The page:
Having more process control points will not immediately change the number of excursions in a fab but it will immediately improve the efficiency with which the fab reacts to them.
In fact, over time, having more process control points can also reduce the number of excursions because it increases a fab’s rate of learning.
Consider a lot that has been flagged for having a defect count that was beyond the control limit for process step N. If, as shown in figure 3a, there was another inspection point between process steps N and N-1, then the problem can be immediately isolated. Only the tool at step N (the process tool the offending lot went through) needs to be put down and only the lots that went through that tool since the last good inspection need to be put on hold for disposition.
By contrast, consider what would happen in figure 3b where the last inspection point was five steps ago at process step N-5. Practices differ from fab to fab, however in the worst case scenario, all ten tools that the lot went through would be put down and all lots that went through any of those tools would have to be put on hold. Instead of a minor disruption involving a single process tool and a few lots, entire modules and dozens of lots can be directly affected. Indirectly, it affects the entire fab.
Figure 3 shows that implementing fewer inspection steps has a threefold impact on cycle time:
- More process tools are involved and must be taken offline
- Each process tool is down for a much longer period of time because it takes longer to isolate the problem
- More wafers are in the impacted section of the production line. These wafers must be dispositioned
The variability introduced by these three impacts will also propagate through the fab; they constrict the flow of work in progress (WIP) through the fab, creating a WIP bubble that affects the lot arrival rate (increased variability) at every station downstream. All of these factors contribute to fab-wide variability and because of the re-entrant nature of the process flow, they add to the cycle time of every single lot in the fab.
When an excursion occurs, the resulting disruption impacts the cycle time of every lot in the fab and it quickly becomes a vicious cycle. The more excursions that happen during a given lot’s cycle time, the longer that cycle time will be. And the longer the cycle time is, the more likely it is that that lot will be in the fab when the next excursion occurs.
Adding inspection steps will add a small, known amount of cycle time to those lots that get inspected, but due to sampling (not every lot gets inspected) it will have a much smaller impact on the average. When an excursion does occur, comparatively few process tools will have to be put down and the module owner will be able to isolate the problem much sooner. The total disruption to the fab (the variability) will be reduced and the cycle time of all lots will be improved.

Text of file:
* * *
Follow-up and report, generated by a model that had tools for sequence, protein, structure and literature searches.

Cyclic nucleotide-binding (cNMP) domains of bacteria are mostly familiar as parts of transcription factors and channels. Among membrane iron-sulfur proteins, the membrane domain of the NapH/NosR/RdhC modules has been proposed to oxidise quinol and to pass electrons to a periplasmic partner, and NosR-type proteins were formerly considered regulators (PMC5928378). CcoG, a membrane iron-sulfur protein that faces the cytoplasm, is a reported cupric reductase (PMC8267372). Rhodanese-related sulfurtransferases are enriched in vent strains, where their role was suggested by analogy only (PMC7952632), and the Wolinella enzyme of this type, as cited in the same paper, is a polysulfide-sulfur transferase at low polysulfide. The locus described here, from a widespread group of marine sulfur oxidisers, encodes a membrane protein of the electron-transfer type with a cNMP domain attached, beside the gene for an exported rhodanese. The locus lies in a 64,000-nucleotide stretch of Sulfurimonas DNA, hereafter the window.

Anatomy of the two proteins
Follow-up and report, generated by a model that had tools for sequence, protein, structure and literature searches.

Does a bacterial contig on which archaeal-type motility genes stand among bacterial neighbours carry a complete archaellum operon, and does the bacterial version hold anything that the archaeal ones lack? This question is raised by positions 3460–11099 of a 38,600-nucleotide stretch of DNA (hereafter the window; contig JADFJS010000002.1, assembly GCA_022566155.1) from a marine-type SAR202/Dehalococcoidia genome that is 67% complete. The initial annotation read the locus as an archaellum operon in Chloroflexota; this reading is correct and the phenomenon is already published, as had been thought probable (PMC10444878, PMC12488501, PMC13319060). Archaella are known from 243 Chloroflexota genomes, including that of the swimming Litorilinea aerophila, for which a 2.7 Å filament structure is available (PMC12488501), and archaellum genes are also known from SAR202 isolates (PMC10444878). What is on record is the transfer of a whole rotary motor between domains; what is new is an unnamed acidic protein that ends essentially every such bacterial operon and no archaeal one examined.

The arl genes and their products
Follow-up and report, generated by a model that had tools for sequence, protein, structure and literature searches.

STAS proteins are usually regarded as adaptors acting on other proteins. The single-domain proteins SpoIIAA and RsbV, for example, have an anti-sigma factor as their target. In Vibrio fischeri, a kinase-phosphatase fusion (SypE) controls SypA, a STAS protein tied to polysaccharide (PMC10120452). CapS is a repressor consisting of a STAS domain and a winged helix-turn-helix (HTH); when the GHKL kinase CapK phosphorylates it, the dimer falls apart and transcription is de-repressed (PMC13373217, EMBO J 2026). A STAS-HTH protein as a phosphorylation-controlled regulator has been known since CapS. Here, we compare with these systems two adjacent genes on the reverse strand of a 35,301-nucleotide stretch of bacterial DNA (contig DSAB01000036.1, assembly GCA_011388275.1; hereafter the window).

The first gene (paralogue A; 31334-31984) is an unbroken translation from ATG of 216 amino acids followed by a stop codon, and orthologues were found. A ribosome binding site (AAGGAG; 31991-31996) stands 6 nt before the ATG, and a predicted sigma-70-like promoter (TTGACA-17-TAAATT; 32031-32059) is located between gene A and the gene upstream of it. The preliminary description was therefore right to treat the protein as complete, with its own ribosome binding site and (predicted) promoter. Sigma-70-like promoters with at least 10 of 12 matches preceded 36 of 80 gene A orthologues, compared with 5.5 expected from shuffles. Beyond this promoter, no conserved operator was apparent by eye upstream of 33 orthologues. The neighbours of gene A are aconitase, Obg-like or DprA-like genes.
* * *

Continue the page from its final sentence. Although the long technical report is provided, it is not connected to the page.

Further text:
This counter-intuitive concept has been borne out by several fabs that have both added inspection steps and reduced cycle time simultaneously. Adding process control steps contributes to fab efficiency on several levels: accelerating R&D and ramp phases, increasing baseline yield, limiting the duration of excursions, and reducing cycle time. In short, a better-controlled process is a more efficient process.
The next article in this series will discuss the impact of process control to cycle time on so-called “hot lots” typically run during early ramp.
- “Process Watch: Fab Managers Don’t Like Surprises,” Solid State Technology, December 2014.
- “Process Watch: Time is The Enemy of Profitability,” Solid State Technology, May 2015.
- “Economic Impact of Measurement in the Semiconductor Industry,” Planning Report 07-2, National Institute of Standards and Technology, U.S. Department of Commerce, December 2007.
- Hopp, W. J., and Spearman, M. L. Factory Physics (2nd). (New York: Irwin, McGraw-Hill, 2001), 325.
About the Authors:
Dr. David W. Price is a Senior Director at KLA-Tencor Corp. Dr. Douglas Sutherland is a Principal Scientist at KLA-Tencor Corp. Over the last 10 years, Dr. Price and Dr. Sutherland have worked directly with more than 50 semiconductor IC manufacturers to help them optimize their overall inspection strategy to achieve the lowest total cost. This series of articles attempts to summarize some of the universal lessons they have observed through these engagements.